Earlier this month, New Jersey’s Appellate Division recognized that New Jersey Law Against Discrimination (“LAD”)’s prohibition against ancestry discrimination does not prevent employers from discriminating against an individual because he is related to another employee.
In 2011, John Walsifer applied for one of two vacant positions as a police officer with the Borough of Belmar. Of the job applicants, Mr. Walsifer had the second highest score on the Civil Service test. Erik Lieb, a military veteran, was at the top of the Civil Service list. Michael Yee, who already worked for Belmar as a special police officer, was third on the list.
Belmar chose to hire Mr. Lieb and Mr. Yee and did not offer a job to Mr. Walsifer. It was required to give a preference to Mr. Lieb in the hiring process because of his veteran status. The Borough claimed it offered the position to Mr. Yee because of his experience as a special police officer, the related police training he had received, and the fact the he already was authorized to carry a service weapon.
Mr. Walsifer filed a lawsuit against Belmar, claiming it discriminated against him based on his ancestry. Specifically, he claimed the Borough chose not to hire him because two of his uncles, Mark and Nicholas Walsifer, already worked for the Police Department.
Mr. Walsifer also claimed Belmar chose not to hire him in retaliation for the fact that his uncles had each previously filed a lawsuit against the Borough. He claimed this constituted retaliation in violation of the LAD and the New Jersey Civil Rights Act (“NJCRA”).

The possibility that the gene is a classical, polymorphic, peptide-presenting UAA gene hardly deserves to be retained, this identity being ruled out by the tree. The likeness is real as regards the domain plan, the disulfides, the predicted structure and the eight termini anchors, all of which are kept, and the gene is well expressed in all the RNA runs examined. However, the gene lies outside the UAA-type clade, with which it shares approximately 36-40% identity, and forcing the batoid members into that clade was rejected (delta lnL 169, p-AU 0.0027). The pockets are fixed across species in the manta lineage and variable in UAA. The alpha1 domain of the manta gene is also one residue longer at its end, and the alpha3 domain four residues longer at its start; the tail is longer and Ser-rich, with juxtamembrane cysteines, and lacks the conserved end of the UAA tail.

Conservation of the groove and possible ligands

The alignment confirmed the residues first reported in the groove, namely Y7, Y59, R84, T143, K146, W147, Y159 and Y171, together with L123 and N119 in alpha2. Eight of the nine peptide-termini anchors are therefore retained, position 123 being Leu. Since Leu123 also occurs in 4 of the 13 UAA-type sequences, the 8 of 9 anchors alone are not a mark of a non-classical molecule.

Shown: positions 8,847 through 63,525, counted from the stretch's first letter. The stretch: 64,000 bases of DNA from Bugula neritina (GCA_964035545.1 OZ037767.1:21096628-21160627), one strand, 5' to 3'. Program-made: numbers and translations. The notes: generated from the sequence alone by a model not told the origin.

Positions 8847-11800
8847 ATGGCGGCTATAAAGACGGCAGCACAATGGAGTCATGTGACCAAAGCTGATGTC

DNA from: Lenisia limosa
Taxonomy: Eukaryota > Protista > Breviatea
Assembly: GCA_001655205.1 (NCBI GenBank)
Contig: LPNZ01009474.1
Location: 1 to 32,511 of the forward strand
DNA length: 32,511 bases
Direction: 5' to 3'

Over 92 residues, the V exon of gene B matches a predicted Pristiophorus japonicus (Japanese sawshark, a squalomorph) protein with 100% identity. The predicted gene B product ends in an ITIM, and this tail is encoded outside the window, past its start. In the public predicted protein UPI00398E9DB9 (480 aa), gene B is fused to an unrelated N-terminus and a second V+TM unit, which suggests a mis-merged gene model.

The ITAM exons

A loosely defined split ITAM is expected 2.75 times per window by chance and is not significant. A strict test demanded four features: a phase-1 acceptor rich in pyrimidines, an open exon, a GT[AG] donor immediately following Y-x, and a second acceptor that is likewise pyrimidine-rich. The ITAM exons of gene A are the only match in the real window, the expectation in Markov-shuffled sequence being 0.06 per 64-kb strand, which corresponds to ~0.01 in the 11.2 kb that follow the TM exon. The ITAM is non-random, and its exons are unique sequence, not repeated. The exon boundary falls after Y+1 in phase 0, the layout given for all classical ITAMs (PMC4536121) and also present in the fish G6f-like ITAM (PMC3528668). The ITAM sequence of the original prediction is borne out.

The trial judge dismissed the case, concluding the LAD’s prohibition against ancestry discrimination does not prevent an employer from discriminating based on “genealogical succession” or “line of descent.” Rather, it is meant to prevent “racial, religious, ethnic or national ancestry.” Since Mr. Walsifer admitted the Borough’s decision had nothing to do with his or his uncles’ race, religion, national origin or ethnicity, the trial judge found he failed to establish an ancestry discrimination claim.
The trial court also found that Mr. Walsifer could not establish a retaliation claim because he admitted he had not supported or participated in either of his uncles’ lawsuits, and neither of those cases involved a claim under the LAD.
On November 1, 2016, in Walsifer v. Borough of Belmar, the Appellate Division affirmed the trial court’s order dismissing the case. The appellate court made it clear that ancestry discrimination does not mean a mere “family connection,” but rather discrimination based on national origin, religion, race or ethnicity. It found there was no evidence of any such discrimination.
Similarly, the appellate court agreed that since there was no evidence that Mr. Walsifer had supported either of his uncles in a previous discrimination or civil rights case, he did not have a retaliation claim under either the LAD or the NJCRA.
Walsifer is a good reminder that not every form of discrimination is legally prohibited. For example, employers can enforce anti-nepotism policies as long as they do not do so in a way that discriminates based on a legally-protected category such as gender, age, disability, race or religion.